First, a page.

Sunday, April 19, 2015
Cain. His teacher, Master Po called him "grasshopper" as a child, emphasising patience as the ultimate martial arts skill.
But we live in an era of high-speed, same-day, cutting-edge, first-to-market, fast-food, get-it-now, snap-judgement. If we're told we have to wait, we get irritated. If we can't come up with the right answer right away, we get upset. if someone or something gets in our way, we get angry.
Why is patience considered one of the most powerful martial arts practices?
Because patience is the antidote to anger, and anger represents the most terrible and destructive manifestation of self-driven desire. When we're angry with someone, we're estranged form them and from the true core of our being. We end up losing the very thing we believe we're fighting for.
Patience is a discipline. It takes practice to overcome the knee-jerk reactions to external circumstances, to recognise anger as a danger signal and to subdue it before you wind up hurting others. With patience you have choice about how to respond. If you can do something to change external circumstances, then take action. But if there is clearly no way of influencing what's happening to you (being stuck in traffic is a good example!), then choosing tolerance, forbearance, or patience can be an intelligent, energy-efficient, calming (and often courageous) response.
Whenever we're impatient with someone who matters to us in our lives, we need to recognise that the fundamental problem is our own. It is we who are deciding, consciously or not, to react to the other person with impatience. We make ourselves impatient through our expectations and demands, through our fixations, fantasies and stuckiness.
Here is a step-by-step patience activity to practice with someone in your life who triggers your impatience:
1. Accept it as a given that your impatience is the problem and that you need to take at least one step toward being more patient.
2. Ask: "Who is this person? How can I identify with him or her? Why is he or she so deserving of my patience?"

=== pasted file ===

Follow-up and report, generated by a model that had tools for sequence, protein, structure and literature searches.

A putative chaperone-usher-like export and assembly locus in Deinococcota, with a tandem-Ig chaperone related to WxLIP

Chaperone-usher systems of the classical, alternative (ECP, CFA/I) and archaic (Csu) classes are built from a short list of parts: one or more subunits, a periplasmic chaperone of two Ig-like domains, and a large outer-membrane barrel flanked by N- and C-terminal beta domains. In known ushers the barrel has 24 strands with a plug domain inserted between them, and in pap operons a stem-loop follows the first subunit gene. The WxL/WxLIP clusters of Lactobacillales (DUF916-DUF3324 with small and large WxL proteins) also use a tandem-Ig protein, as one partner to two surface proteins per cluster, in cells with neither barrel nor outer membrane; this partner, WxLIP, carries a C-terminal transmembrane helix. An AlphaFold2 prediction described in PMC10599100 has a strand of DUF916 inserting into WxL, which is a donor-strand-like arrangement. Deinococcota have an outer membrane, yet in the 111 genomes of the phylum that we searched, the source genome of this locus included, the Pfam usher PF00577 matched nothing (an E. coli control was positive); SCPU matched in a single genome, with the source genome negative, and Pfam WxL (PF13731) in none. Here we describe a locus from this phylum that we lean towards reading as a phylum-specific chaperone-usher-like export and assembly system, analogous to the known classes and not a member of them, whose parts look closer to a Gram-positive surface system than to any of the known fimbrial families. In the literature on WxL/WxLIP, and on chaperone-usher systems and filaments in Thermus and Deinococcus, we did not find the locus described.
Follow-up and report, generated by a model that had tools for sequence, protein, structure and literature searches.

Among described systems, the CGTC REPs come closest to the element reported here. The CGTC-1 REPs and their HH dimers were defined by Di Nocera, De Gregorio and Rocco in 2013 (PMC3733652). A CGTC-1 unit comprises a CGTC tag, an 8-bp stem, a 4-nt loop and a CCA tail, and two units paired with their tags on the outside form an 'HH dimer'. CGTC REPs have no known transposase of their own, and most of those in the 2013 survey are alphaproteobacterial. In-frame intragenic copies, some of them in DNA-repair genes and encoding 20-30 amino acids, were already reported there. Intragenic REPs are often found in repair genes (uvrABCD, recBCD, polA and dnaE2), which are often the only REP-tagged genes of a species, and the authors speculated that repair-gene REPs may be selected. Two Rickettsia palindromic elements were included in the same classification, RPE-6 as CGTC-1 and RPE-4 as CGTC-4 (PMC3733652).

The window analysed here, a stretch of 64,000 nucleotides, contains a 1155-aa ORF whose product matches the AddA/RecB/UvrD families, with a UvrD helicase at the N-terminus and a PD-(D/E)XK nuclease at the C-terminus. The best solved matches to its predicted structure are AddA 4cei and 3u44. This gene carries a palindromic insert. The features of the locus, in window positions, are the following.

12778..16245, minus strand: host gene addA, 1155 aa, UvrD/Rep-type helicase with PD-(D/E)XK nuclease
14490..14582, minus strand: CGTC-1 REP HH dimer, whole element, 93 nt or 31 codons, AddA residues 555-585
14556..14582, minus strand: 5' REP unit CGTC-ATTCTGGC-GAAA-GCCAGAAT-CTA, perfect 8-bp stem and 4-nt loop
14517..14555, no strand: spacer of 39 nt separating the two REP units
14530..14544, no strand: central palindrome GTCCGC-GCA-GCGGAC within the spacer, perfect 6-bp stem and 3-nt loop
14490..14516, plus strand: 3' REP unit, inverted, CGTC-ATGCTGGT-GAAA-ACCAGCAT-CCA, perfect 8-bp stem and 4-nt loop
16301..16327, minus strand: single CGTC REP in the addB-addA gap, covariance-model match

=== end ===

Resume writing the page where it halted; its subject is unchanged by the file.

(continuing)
3. Decide on - and commit to - at least one specific step you can take toward this person to demonstrate your active patience.
Of course this is easier said than done, grasshopper!
You know there are people who just press your hot buttons, and you know it seems so unfair to just let them get away with whatever they're doing that so offends you. How do you broaden the gap between stimulus and response so that you can make a wiser choice?
This takes clarity, commitment, and practice. But the Six Steps of Anger Management might help you:
1. Recognize: Note the familiar stimulus - like particular words or phrases - that push your hot buttons.
2. Recollect: Remember the disadvantages of returning anger with anger, and the advantages of practicing patience, forbearance, tolerance, and acceptance.
3. Reframe: Try to see things from alternative viewpoints; consider how this person presents you with a perfect opportunity to develop patience.
4. Relinquish: Let go of your habitual reactivity and impulsive urges.
5. Recondition: Remind yourself of how far you've come in your understanding, and how you've substituted a healthier response for your old knee-jerk conditioning.
6. Respond: Now face the person or the situation patiently, appropriately, intelligently, and proactively.
Patience is not a sign of weakness, but rather a sign of strength which arises from a deep ability to remain steadfast and firm. The gift of patience is truly the gift of yourself. You share your strength with someone and become stronger yourself in the process.